OYSG To Prosecute Able Body Person Found Begging In The State

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By; BAYO AKAMO, Ibadan.
Oyo state Commissioner for Environment and Water Resources, Mr Isaac Ishola has said the state government is to start prosecuting able bodied person found begging in the state.
The Commissioner stated this while responding to questions from members of the Oyo State House of Assembly on the influx of beggars into the state.
He declared that the state government is set to constitute an environmental tribunal for the prosecution of able persons who took to begging as an occupation.
According to Mr Ishola, “with the constitution of the environmental tribunal,once we arrest such persons and confirm such person not to be a destitute or beggar, we charge such person to court and they will be dealt with accordingly”.
The Commissioner noted that the state government is presently trying to avoid inter-tribal crisis which may arise from its sending away beggars mostly from the Northern part of the country out of Oyo state.
“The government has started strong action against the issue of begging in the state. Initially, we thought that the beggars were just Northerners. We have held two meetings with the northerners with a view to asking them to leave the streets. Mr Ishola pointed out that the state government was being strategic in sending the beggars packing from the state so as to avoid inter-tribal crisis,”he said.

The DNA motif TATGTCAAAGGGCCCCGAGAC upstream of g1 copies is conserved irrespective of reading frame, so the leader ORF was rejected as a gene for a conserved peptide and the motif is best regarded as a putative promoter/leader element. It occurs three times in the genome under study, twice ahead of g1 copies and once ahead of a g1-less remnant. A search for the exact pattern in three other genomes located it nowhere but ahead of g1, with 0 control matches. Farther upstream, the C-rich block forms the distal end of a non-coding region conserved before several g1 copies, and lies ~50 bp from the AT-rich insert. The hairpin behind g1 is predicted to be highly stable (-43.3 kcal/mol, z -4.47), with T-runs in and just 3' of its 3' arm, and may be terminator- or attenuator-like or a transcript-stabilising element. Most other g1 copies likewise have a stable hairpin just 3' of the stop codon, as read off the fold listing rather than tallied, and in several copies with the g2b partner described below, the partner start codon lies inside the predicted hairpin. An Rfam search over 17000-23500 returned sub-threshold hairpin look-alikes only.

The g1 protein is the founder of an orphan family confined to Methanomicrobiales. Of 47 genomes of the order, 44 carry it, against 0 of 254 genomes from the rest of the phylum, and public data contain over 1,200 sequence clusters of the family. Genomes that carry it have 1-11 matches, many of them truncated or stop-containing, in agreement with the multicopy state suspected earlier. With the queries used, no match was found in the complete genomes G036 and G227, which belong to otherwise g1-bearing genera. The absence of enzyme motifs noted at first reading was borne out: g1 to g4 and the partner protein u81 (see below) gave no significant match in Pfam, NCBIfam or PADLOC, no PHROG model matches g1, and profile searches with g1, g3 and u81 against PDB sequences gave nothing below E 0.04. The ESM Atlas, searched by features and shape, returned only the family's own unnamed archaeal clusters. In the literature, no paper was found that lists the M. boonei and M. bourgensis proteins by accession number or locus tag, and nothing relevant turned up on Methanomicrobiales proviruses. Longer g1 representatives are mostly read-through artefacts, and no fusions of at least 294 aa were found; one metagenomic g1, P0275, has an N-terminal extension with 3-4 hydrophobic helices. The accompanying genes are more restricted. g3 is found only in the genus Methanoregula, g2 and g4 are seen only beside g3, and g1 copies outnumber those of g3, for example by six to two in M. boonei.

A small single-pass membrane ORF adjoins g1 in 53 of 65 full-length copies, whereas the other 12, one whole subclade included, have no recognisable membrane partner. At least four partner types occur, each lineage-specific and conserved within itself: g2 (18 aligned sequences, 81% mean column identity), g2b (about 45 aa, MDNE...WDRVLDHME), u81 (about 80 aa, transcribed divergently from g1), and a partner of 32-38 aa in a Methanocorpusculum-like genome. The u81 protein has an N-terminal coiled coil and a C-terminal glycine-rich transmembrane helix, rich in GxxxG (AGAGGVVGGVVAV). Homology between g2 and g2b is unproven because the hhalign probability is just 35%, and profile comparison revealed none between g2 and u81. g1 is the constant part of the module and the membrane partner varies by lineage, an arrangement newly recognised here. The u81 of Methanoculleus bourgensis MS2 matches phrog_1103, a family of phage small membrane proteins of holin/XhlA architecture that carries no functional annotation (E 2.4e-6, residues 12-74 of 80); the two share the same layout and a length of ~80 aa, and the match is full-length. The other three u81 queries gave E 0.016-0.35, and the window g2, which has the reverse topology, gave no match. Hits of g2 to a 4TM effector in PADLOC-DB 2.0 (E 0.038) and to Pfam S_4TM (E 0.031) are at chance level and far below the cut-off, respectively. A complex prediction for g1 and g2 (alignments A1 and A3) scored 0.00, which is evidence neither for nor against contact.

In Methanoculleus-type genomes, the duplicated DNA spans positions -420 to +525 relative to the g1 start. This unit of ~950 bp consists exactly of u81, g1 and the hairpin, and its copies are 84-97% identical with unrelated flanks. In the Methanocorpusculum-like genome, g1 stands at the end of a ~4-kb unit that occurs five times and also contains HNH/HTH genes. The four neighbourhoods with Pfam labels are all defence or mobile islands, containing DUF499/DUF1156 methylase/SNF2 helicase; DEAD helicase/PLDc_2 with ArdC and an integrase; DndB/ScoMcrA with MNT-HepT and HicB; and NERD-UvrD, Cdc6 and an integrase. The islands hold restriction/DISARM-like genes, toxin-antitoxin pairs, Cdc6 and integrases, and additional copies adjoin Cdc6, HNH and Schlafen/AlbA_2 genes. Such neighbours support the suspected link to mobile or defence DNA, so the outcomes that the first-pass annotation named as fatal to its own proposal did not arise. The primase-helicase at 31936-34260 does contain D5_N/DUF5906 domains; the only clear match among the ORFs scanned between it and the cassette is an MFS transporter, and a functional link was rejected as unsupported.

According to the Commissioner, rather than evacuating the beggars from the state, the government was planning to create “a destitute centre where beggars could be relocated to”.
“We may be accused of sending away northerners from the state. What we want to do is create a destitute centre for them such that when we arrest them, we can relocate them to such centre. However, we have some of them that can be referred to as real economic beggars. They are able and only do not want to work.”
He maintained that the state government has created a space for them at Jemibewon area of Ibadan, where anyone who wants to offer them assistance can meet them, saying,“ during the day, you hardly find the beggars under the Mokola Bridge, but once it is evening, they return there”.
“We also have some people who probably due to the economic recession are well-dressed, but are actually beggars, usually known as “fine bara”. So, it is difficult to identify those kinds of persons.”

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